become the Speaker of the House. Kevin McCarthy becomes the Speaker.

And he told CNN, he would cut government spending to fight inflation. He said they would lower gas prices by making the US energy independent. These

are policies people talk about before they get elected. Of course, once you're in power, it can often be a different matter.

Tomas Philipson is the Acting Chair of the Council of Economic Advisers at the White House under former President Trump. He is now Professor at

University of Chicago.

Good to see you, sir. Thank you for taking the time to join us.

If the Republicans take the House, what is their first economic priority? Now bearing in mind, of course, the way spending bills have to go, but at

the same time, you truly would have gridlock government.


not too sure, but for those readers who don't follow you as politics on a daily basis, the way it works is both Houses, the House and Senate has to

approve taxes, spending bills after it goes to the President that can veto things if it's not a supermajority.

So what will happen is that almost for certain the House will go Republican, it would be a miracle if it didn't, and so there will be a

freeze on spending and taxes that couldn't be increased now under a Republican House. The question is, you know, what happens? What else

happens with the Republican House?

There is also going to be a lot of oversight of economic activity now coming from the House Oversight Committee, in particular to energy and

healthcare provisions that were just passed with the so-called Inflation Reduction Act, which was mainly an energy and healthcare bill.

Now, if the Senate goes Republican, which is much more uncertain, obviously, then you're looking at economic appointments being affected,

because the Senate has to approve the President's appointments to the Treasury, the Fed, the SEC et cetera.

QUEST: In your view, if we end up with this gridlock government, are we essentially at a standstill. In emergencies, and in desperation, the two

sides will come together to cobble some sort of compromise, but if you're talking about the day-to-day running of the economy, essentially, nothing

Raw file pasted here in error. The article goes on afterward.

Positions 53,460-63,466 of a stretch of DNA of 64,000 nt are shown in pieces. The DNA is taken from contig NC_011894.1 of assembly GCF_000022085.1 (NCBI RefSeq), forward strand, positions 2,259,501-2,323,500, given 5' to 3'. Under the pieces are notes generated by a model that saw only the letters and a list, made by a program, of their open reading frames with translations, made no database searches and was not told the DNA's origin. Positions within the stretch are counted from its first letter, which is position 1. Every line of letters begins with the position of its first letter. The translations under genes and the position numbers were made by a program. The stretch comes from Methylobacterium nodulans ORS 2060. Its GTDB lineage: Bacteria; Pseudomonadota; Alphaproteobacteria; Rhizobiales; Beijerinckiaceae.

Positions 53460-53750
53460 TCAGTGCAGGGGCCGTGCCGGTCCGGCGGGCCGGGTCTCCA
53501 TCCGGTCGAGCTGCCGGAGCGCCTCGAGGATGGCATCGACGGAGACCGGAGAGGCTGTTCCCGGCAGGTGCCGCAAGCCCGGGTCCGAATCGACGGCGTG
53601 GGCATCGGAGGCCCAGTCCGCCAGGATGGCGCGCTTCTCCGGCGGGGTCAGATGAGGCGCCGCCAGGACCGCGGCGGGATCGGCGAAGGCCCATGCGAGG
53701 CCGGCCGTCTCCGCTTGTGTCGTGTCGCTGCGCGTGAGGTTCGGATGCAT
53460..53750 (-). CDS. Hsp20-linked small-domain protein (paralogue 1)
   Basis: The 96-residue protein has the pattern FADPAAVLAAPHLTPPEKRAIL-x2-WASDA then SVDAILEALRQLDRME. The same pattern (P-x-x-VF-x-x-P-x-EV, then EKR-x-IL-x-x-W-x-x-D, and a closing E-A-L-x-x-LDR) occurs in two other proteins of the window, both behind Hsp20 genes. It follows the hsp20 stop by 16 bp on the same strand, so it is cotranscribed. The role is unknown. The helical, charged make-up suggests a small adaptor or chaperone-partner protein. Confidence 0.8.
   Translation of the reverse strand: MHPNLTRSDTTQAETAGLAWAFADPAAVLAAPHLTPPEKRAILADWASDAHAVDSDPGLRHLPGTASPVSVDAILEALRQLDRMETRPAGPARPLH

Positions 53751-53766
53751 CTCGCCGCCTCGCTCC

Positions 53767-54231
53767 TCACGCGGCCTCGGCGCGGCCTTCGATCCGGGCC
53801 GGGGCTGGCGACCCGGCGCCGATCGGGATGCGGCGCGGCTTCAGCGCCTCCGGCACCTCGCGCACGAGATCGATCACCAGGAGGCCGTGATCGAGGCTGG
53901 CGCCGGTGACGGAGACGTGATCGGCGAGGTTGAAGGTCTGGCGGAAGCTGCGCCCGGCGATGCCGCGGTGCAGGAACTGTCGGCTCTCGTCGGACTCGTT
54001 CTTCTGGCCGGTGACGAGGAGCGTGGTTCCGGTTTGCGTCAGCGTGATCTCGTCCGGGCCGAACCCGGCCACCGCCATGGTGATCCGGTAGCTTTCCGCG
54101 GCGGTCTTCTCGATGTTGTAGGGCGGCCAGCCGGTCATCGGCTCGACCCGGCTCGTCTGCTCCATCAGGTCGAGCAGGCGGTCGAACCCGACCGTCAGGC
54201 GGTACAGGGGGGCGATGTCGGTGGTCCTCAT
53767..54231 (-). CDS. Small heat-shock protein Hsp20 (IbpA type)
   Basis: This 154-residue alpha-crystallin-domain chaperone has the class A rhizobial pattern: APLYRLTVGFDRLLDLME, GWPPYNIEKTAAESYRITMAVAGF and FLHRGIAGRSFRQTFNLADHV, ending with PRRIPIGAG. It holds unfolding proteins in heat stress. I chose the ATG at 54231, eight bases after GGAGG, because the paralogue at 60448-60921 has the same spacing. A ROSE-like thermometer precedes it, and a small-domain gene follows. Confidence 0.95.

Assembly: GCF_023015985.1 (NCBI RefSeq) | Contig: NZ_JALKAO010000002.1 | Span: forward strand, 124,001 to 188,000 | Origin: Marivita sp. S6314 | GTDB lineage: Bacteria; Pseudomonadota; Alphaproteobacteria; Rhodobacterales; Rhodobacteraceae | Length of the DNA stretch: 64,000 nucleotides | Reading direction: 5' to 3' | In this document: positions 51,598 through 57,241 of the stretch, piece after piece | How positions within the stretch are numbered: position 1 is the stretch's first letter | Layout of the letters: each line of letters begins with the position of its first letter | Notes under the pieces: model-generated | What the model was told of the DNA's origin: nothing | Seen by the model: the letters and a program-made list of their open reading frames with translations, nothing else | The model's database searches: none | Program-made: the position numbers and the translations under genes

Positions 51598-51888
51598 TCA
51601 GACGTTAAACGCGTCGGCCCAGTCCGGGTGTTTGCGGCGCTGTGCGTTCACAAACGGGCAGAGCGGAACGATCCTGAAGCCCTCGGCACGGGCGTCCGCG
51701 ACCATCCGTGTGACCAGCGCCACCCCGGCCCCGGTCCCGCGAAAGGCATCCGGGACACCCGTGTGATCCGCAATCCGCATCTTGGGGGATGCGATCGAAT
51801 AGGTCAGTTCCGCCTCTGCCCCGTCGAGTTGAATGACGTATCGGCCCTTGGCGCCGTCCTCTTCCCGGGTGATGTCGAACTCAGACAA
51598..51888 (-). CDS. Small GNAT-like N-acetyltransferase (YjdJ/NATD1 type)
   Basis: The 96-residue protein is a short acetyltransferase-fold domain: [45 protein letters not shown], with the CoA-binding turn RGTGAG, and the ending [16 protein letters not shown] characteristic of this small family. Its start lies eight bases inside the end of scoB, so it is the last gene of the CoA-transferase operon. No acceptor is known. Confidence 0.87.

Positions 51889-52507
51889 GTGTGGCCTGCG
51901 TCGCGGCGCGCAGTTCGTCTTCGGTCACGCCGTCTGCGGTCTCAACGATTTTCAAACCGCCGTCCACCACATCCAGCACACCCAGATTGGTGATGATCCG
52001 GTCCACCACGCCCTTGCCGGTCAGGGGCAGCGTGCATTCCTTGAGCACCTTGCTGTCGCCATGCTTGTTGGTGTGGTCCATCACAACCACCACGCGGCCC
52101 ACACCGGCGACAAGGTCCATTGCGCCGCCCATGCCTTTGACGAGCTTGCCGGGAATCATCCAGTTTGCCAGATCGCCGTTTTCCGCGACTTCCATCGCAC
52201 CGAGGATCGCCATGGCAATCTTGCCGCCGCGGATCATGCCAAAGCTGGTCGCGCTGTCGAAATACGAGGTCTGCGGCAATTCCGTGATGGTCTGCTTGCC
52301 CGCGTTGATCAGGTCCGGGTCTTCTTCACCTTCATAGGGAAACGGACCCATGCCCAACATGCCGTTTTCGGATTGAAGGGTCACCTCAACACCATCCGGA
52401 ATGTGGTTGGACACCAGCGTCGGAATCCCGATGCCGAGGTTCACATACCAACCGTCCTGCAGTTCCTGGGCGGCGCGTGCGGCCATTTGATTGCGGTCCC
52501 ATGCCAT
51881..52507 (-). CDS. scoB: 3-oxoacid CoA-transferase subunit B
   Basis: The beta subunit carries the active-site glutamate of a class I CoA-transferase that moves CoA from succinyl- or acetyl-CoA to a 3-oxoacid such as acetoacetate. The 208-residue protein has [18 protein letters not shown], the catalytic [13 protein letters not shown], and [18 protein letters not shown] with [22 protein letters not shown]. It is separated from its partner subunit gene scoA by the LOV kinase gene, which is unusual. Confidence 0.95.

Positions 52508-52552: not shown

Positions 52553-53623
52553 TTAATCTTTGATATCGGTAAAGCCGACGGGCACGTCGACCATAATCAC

much gets done.

PHILIPSON: Yes, we haven't seen a lot of bipartisan cooperation, and there is going to be, you know, some kind of signaling, too. There are

going to be things sent to the President's desk that he will then be forced to veto or, you know, lay down. And that's going to be interesting to see.

I think the first thing that is going there is the reform on the tax collection agency IRS in the US, which has been beefed up in the Inflation

Reduction Act with 86,000 more people collecting taxes. Republicans are very strongly against that.

I think they're going to send a standalone bill to the President to veto it and see how much guts you have to veto that, if it actually -- if the

Senate and House both go Republican.

QUEST: Then you've got, of course, just taxation itself. I mean, at the end of the day, the US economy, okay, it's big. It's big and the pillars

are standing strong, but it is shaky. The current environment is shaky.

I mean, nobody wants to play chicken with the debt ceiling in the full faith and credit, but I can see scenarios of just torturous negotiations,

and nothing getting done, basically until the presidential election in 2024.

PHILIPSON: Now, that's correct. When we have a divided government, it turns out the markets actually like divided governments because less gets

done. It depends on your view on whether the government is doing good or bad things essentially, right?

But there will be a slowdown in activity, obviously from the first two years which has seen the massive spending and tax increases that would

never happen in a divided government.


So look forward to, you know, either as sort of a fight over, you know, shutting down the government if Republicans don't get what they want, or a

lot of reduction in spending compared to the last two years.

QUEST: Final thought, Tomas, as my late grandmother used to say, "That's no way to run a railroad." And you know what I mean. I mean, is this the

best that the world's supposedly oldest democracy can offer us up?

PHILIPSON: Well, I mean, there has been a lot of complaints on the White House from, obviously from Republicans, but even the voters, the voters are

currently blaming the White House, from what rightly or wrongly, it is not -- I think we overprescribe how much the White House influence the economy,

but it does influence it, obviously, in its policies that it pushes, influences it.

But the voters have clearly come down on that this bad economy is the fault of the White House. So the White House is definitely not running on

economic policy and Republicans is only running on economic policy because of that.

QUEST: It's good to see you, sir. We will talk more. In fact, we'll probably talk once we know the results of the election later in the week or

next week. Thank you, sir. I'm grateful.

Now to a corporate story worthy of a Shakespearean drama. It's got all the ingredients -- a bitter rivalry that came to head in a spectacular fashion

and there was somebody knifed, as Binance announced their plan to rescue FTX.